TWA will always be known as the Howard Hughes airline, and Carl Icahn will always be known as the man who destroyed that airline. TWA seemed to always play catch up instead of leading. Howard Hughes was responsible for the Constellation taking TWA ahead of the pack, but then he refused to move away from the Constellation into the jet age and left the airline floundering. TWA had an east to west route system but never developed its north to south route until after deregulation which put them at a real disadvantage when we talk about competing in an unregulated environment. The story has many ups and downs but TWA 800 was the final blow and things never rebounded.

Pan Am is another sad tale. Pan Am was the pioneer of international aviation, and during the regulatory era, it had been awarded worldwide routes but no domestic routes.

Shortly after deregulation, Pan Am proceeded to rectify the situation by purchasing National Airlines. National seemed to be a good fit with its Miami location and offered a route network that naturally drew planes into the Pan Am hub at Kennedy Airport. Pan Am failed at that merger, not because it lacked foresight or resources, but because it poorly executed the merger. Pan Am’s expertise was in delivering international operations where customers readily tolerated delays of an hour or more. It was unable to deliver a competitive degree of on-time performance when compared with domestic services of other U.S. carriers. It was unable to integrate its systems and its work forces effectively, and unable to modernize its fleet. In the last decade of its operations, Pan Am lost more than $12 billion. It survived by selling off its assets. The Pan Am Building in New York, the Intercontinental Hotel Chain, land in Tokyo, and its routes to Japan and London were all sold for top dollar. Once those were gone, the airline itself disappeared.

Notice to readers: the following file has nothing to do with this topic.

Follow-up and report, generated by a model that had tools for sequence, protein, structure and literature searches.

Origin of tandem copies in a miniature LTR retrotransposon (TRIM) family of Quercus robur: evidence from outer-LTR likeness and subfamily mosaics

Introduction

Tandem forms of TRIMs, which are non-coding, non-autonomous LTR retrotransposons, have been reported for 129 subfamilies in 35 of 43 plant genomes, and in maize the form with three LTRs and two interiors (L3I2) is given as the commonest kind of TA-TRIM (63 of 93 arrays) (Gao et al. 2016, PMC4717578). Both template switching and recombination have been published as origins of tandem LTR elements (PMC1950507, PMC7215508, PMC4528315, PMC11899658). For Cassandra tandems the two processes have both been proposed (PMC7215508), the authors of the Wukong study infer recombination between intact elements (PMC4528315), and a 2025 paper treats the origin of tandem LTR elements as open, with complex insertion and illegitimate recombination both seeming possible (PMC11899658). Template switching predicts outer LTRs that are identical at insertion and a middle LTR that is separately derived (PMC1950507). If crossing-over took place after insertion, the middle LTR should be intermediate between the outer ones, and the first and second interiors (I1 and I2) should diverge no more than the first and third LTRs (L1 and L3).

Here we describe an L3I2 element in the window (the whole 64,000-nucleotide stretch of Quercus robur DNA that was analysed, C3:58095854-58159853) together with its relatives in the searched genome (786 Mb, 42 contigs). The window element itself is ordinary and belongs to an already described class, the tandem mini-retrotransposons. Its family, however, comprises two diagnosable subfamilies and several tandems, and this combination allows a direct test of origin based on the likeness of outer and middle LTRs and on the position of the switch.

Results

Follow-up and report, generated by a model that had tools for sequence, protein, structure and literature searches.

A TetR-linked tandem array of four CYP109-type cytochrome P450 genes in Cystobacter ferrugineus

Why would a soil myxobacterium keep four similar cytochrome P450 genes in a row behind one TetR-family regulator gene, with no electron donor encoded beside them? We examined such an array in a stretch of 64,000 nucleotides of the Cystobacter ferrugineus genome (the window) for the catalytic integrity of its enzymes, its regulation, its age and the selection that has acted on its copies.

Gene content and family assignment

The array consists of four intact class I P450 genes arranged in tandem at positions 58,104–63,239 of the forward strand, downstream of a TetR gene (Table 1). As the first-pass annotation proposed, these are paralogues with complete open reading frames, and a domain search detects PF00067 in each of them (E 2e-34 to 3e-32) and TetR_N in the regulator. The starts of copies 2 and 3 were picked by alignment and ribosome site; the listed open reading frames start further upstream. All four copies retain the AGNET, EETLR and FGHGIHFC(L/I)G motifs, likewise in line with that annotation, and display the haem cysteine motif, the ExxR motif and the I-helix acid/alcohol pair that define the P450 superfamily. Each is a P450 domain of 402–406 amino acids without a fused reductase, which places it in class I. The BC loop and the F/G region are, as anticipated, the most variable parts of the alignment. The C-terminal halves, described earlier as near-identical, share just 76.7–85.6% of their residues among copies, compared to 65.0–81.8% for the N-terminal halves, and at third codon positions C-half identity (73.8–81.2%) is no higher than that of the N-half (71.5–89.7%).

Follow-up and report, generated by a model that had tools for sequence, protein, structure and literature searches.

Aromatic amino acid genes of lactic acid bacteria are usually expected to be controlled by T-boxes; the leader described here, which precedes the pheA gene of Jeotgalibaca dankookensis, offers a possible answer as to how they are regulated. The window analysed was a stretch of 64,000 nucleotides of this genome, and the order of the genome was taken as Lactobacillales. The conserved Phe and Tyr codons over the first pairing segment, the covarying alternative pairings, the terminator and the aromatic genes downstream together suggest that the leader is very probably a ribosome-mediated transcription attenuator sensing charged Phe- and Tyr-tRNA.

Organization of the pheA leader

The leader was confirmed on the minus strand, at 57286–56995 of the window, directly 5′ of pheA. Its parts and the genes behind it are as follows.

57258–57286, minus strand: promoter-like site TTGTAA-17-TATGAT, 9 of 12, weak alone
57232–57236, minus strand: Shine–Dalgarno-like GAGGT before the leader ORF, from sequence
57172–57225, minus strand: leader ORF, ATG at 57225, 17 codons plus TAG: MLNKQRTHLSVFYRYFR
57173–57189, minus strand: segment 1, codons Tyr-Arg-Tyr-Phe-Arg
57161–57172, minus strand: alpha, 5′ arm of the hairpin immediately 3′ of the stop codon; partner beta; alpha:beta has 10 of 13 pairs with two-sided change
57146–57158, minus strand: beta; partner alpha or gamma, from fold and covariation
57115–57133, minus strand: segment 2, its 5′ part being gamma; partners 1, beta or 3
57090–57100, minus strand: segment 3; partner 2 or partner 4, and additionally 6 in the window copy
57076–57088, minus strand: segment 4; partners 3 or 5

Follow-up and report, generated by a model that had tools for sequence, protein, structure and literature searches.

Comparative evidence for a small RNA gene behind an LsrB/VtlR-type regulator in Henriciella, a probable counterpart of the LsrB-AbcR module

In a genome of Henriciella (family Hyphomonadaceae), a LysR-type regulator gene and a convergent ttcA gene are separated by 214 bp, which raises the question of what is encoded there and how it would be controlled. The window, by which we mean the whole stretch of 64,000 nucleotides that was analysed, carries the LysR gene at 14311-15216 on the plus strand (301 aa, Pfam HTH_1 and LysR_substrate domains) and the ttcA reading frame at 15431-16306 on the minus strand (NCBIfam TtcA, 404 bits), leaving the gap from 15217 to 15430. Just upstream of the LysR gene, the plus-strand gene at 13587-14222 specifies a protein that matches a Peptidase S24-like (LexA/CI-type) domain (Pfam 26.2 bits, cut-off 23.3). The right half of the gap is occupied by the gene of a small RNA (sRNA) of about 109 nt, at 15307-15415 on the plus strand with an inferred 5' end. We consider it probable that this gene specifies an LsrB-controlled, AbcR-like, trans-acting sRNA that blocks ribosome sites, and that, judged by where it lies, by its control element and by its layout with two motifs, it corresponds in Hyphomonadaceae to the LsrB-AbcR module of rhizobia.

Gone, but not forgotten.

I know this was brief but I have a reason. Former employees of each of these airlines have web sites that contain a wealth of information on who, what, when, and where. Take some time to explore the story that they tell. A good starting point for Pan Am is and for TWA I would start with A good starting point for Eastern is and for Braniff I would start with

Have a good weekend, keep family and friends close and remember to take care of you. If you don’t, then you can’t possibly take care of anyone else.

Robert Novell

November 18, 2016